Photo courtesy of Timberline Lodge

Mt. Hood, Oregon: “The Shining”

While The Stanley Hotel in Colorado inspired Stephen King’s Overlook Hotel for his novel, the movie adaptation actually features another property. Exterior shots of Timberline Lodge, in neighboring Oregon, are seen instead.

Photo courtesy of Edison Koo

New York City: “Rosemary’s Baby”

The “City That Never Sleeps” has been seen in several scary movies and horror films. However, the Dakota—a co-op apartment building on the Upper West Side—is perhaps its best recognized film location. It starred as the Bramford building where Mia Farrow and John Cassavetes lived. It’s also the location of a real-life horror story: John Lennon was murdered in the archway of the Dakota in 1980.

Photo courtesy of Chester County Conference & Visitors Bureau

Phoenixville, Pennsylvania: “The Blob”

The Colonial Theatre in Phoenixville goes all in when it comes to celebrating its role in “The Blob.” The theater features a wall plaque honoring the spot in which the Blob seeps out of. Each year, the theater commemorates the film with “Blobfest,” an event featuring a re-enactment of moviegoers fleeing the theater.

Photo courtesy of The Biltmore Company

Asheville, North Carolina: “Hannibal”

The 2001 sequel to “Silence of the Lambs” brings Dr. Hannibal Lecter back to the screen. Fellow cast member Gary Oldman, who plays a sinister character and one of Lecter’s victims, is depicted as residing in a lavish home. It’s actually the Biltmore Estate in Asheville, a 19th-century estate that was built for George Vanderbilt, of the prominent Vanderbilt family, as a summer residence.

Photo courtesy of Explore Minnesota/Lisa Crayford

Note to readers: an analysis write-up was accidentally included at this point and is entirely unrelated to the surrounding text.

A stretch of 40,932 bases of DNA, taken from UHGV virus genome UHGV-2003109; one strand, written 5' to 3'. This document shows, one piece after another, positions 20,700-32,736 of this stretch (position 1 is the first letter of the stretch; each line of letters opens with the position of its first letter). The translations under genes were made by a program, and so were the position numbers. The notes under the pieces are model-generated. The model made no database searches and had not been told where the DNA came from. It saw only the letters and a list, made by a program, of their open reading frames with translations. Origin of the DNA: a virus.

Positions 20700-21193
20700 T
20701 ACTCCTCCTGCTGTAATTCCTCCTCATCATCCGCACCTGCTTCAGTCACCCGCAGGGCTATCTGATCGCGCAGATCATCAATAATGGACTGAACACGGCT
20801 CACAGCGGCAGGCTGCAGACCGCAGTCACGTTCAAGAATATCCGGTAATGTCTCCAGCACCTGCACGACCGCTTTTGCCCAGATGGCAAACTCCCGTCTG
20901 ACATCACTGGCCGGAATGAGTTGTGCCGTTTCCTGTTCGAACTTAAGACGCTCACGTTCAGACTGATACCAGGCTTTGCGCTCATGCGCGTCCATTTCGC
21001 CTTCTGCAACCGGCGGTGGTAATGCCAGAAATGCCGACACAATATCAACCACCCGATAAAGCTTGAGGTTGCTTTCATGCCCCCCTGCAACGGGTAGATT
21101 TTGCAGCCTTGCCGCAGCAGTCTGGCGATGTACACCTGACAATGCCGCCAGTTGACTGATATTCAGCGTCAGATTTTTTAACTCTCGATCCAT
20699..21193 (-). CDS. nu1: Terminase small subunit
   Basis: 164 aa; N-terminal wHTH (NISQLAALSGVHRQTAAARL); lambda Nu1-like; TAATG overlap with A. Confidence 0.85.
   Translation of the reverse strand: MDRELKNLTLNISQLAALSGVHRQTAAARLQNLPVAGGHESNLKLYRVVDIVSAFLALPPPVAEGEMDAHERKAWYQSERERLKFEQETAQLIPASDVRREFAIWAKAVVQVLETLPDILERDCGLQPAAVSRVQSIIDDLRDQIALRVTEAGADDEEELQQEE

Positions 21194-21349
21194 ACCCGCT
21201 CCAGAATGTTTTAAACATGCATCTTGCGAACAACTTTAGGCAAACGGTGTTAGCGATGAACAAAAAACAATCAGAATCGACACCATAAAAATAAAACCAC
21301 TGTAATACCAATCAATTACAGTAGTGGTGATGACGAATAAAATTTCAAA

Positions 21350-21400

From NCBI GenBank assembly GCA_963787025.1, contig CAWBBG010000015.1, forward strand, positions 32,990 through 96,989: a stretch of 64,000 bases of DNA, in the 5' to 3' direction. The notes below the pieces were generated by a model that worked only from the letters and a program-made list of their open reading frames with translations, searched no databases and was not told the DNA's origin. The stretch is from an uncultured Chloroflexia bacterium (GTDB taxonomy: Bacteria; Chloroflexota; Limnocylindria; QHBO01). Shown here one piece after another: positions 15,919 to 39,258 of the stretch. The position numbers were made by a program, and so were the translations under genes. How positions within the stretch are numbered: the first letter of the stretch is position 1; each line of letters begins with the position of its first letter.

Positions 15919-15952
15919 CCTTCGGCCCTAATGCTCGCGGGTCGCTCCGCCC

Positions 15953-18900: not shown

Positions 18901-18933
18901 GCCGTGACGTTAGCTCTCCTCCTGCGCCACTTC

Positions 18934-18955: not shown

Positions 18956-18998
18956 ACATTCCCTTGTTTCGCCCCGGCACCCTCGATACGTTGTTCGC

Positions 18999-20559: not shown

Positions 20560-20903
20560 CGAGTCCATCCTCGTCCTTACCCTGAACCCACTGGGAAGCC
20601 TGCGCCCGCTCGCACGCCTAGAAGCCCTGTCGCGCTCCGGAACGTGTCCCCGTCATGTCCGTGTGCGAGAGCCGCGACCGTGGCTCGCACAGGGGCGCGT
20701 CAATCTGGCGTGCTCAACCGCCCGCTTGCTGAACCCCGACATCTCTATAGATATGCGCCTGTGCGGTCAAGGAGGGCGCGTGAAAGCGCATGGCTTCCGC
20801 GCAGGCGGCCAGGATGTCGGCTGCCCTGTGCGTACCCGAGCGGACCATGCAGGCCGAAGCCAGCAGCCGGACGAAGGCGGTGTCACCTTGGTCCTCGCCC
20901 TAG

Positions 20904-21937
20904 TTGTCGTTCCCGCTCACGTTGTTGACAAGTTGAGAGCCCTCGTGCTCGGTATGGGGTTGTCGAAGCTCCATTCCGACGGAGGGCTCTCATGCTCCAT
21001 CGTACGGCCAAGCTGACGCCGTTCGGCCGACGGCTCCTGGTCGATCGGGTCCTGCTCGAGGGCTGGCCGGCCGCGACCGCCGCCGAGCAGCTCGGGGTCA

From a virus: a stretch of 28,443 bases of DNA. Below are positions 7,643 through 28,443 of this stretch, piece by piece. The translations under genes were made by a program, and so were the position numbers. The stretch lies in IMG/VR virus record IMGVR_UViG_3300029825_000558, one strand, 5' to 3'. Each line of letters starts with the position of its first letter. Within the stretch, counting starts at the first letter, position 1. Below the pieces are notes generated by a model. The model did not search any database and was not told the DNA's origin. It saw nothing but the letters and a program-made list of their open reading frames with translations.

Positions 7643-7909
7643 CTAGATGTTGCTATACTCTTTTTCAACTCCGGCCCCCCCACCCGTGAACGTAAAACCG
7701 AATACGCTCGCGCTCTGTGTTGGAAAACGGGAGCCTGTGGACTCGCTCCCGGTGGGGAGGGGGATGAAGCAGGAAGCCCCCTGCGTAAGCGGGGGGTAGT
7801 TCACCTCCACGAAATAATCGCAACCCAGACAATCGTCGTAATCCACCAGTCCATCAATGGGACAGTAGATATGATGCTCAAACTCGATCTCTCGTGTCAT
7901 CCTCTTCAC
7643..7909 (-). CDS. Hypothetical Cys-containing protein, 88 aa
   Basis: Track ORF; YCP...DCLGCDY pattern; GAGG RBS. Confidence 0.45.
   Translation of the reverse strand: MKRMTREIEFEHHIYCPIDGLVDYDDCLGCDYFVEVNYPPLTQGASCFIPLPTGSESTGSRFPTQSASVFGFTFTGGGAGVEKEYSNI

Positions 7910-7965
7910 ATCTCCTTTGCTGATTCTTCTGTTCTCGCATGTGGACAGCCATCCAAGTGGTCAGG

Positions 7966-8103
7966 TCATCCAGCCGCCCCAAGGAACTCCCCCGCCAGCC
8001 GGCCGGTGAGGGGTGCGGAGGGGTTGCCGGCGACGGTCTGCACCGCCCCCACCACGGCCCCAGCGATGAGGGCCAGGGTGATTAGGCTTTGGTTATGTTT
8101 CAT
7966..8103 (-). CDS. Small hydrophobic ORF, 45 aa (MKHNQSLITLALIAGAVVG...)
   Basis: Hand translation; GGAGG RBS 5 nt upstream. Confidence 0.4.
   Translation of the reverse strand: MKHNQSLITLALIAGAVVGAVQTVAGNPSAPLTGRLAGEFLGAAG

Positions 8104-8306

Silver Bay, Minnesota: “The Good Son”

Macaulay Culkin showed a darker side of himself in this thriller, with a climactic fight scene with Elijah Wood filmed at Palisade Head in Minnesota’s Tettegouche State Park. This large rock formation is 180 feet above the North Shore, enough for a chilling ending and (spoiler alert) an end to Culkin.

Photo courtesy of Visit Tallahassee

Wakulla Springs, Florida: “Creature From the Black Lagoon”

Floridian fans of the horror film classic might squeal in learning that Gill-Man swam underwater in this freshwater sanctuary located south of Tallahassee. Bonus trivia: Ricou Browning, who performed the underwater stunts, worked here during his teens as a lifeguard.

Photo courtesy of Tourism Toronto

Toronto, Canada: “Resident Evil: Apocalypse”

In “Resident Evil: Apocalypse,” the city of Toronto serves as the location for the film’s “Raccoon City,” with many of Toronto’s buildings having some screen time; Toronto City Hall, in particular, gets quite the spotlight.

Photo courtesy of Grand Central Cafe Facebook page

Kingsland, Texas: “Texas Chainsaw Massacre”

Known as the Grand Central Cafe since 2012, this particular Victorian house in Kingsland was actually the movie set for the 1970s slasher flick. Nowadays, the  restaurant dishes out breakfast, lunch and dinner in Texas’ Llano County.

Tagged: Chicago, Chicago, Colorado, Florida, Midwest, Minnesota, New England, North Carolina, Texas

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Michele Herrmann

Michele Herrmann

Michele writes about women's travel, destinations, culinary, and cultural topics for various outlets and has ventured as far as Fiji, to date. She also muses her tales on She Is Going Places.